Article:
Jane Fonda in Five Acts
Director Susan Lacy has the great advantage of a subject whose life has been extensively documented literally since birth.
* This filmography is not intended to be a comprehensive list of this artist’s work. Instead it reflects the films this person has been involved with that have been reviewed on this site.
It's a wrap for the 2010 Muriel Awards, but although the winners have been announced, there's still plenty of great stuff to read about the many winners and runners-up. ('Cause, as we all know, there's so much more to life than "winning.") I was pleased to be asked to write the mini-essay about "The Social Network" because, no, I'm not done with it. (Coming soon: a piece about the Winkelvii at the Henley Gregatta section -- which came in 11th among Muriel voters for the year's Best Cinematic Moment.)
You might recall that last summer I compared the editorial, directorial and storytelling challenges of a modest character-based comedy ("The Kids Are All Right") to a large-scale science-fiction spectacular based on the concept of shifting between various levels of reality/unreality -- whether in actual time and space or in consciousness and imagination. (The latter came in at No. 13 in the Muriels balloting; the former in a tie for No. 22.) My point was that, as far as narrative filmmaking is concerned, there isn't much difference. To illustrate a similar comparison this time, I've used a one-minute segment out of "The Social Network" (Multiple levels of storytelling in The Social Network). You might like one picture better than the other for any number of reasons, but I find their similarities more illuminating than their differences:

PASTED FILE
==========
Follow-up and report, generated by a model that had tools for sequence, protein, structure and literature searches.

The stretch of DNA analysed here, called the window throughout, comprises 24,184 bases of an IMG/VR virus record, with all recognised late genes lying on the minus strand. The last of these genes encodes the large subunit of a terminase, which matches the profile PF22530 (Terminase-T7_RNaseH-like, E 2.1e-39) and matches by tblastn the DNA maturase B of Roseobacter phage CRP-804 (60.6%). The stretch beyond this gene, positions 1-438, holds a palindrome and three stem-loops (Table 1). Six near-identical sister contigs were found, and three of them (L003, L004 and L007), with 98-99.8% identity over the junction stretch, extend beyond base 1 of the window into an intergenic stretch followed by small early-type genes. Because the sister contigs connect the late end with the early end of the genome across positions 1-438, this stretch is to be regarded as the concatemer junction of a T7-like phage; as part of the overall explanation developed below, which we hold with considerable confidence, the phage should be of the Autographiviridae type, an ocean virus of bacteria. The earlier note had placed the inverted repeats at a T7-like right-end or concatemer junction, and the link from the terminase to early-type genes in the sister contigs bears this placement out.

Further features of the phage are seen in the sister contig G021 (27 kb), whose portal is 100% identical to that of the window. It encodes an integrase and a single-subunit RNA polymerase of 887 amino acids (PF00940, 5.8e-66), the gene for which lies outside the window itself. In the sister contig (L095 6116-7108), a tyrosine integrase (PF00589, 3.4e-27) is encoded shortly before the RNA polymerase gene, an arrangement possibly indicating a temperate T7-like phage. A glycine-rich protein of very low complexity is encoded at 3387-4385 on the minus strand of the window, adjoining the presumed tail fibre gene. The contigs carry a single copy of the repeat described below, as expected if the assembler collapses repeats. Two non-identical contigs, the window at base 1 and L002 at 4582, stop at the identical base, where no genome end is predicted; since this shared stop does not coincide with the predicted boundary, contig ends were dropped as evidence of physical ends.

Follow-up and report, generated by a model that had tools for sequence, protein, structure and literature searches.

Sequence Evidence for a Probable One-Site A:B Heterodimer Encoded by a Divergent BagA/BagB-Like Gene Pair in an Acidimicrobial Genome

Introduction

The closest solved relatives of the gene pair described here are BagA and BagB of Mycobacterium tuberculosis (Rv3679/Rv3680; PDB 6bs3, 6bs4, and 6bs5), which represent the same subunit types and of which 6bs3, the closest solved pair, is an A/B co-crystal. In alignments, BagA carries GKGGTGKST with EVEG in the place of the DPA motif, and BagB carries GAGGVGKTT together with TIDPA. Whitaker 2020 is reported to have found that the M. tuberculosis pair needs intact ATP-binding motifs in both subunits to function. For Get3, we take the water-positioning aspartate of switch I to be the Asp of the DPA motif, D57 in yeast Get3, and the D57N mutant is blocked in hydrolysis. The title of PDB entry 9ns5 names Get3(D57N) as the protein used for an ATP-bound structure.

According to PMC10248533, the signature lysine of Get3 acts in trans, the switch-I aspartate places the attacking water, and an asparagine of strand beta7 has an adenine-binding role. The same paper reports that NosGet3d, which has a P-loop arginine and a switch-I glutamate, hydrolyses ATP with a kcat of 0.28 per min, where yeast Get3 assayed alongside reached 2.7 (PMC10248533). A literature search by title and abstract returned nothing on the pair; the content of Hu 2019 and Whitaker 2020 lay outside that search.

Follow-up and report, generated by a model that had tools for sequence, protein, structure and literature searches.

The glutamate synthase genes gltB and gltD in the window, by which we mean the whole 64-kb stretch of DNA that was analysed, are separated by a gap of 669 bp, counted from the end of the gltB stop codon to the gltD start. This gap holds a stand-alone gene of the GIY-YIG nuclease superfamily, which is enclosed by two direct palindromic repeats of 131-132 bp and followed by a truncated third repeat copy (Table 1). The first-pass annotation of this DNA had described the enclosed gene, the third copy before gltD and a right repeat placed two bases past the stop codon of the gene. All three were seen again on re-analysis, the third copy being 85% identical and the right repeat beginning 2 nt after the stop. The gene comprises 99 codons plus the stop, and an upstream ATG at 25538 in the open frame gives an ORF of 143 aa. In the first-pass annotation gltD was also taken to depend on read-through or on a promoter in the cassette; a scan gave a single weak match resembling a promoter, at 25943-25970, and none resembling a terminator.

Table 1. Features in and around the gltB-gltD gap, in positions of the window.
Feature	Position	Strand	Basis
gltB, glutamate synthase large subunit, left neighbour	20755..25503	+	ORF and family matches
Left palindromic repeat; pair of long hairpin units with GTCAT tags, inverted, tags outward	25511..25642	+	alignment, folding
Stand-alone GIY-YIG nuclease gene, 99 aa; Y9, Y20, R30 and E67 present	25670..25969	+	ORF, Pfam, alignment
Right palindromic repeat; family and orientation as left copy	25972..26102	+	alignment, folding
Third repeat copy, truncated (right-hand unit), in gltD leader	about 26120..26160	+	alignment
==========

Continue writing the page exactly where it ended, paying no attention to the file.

Mike Leigh's Another Year (2010) is like a tender, swollen, beating heart that you hold within your palms: the soft flesh expands and contracts with every breath, and through the tiny crevices in between your fingers, life juices flow.
"Life is not always kind, is it?"
Gerri looks at Mary and quietly let those words slip. Mary catches her gaze, briefly. The letters settle over them like a mild fog, unmistakably present and non-disruptive, and the day proceeds on as it does.
Another day. Another year.
Through uncanny realism and probing characters, Leigh's latest film speaks of the pervasive dilemma of our kind: how do we live in this world in the presence of those so different and similar to ourselves at once? How do we make sense of each of our own way of life?
Window-shopping is daily the source of one of the best free shows in Cannes. There's nothing quite like walking around this town, even if it's just a brief walk between screening rooms, and ogling what could be bought if you had millions of dollars at your disposal: the most extravagant flower arrangements, the most colorful and sumptuous pastries, piles of diamond necklaces, strapless cocktail dresses with skirts of white marabou feathers or silver palettes, ice-cream-pastel Chanel suits with glittering sequin trim. The loot of the world's fashion runways is displayed in all its theatrical and expensive glory in the shops that face the Croisette, and most of these outfits would look outlandish anyplace but right here in Cannes.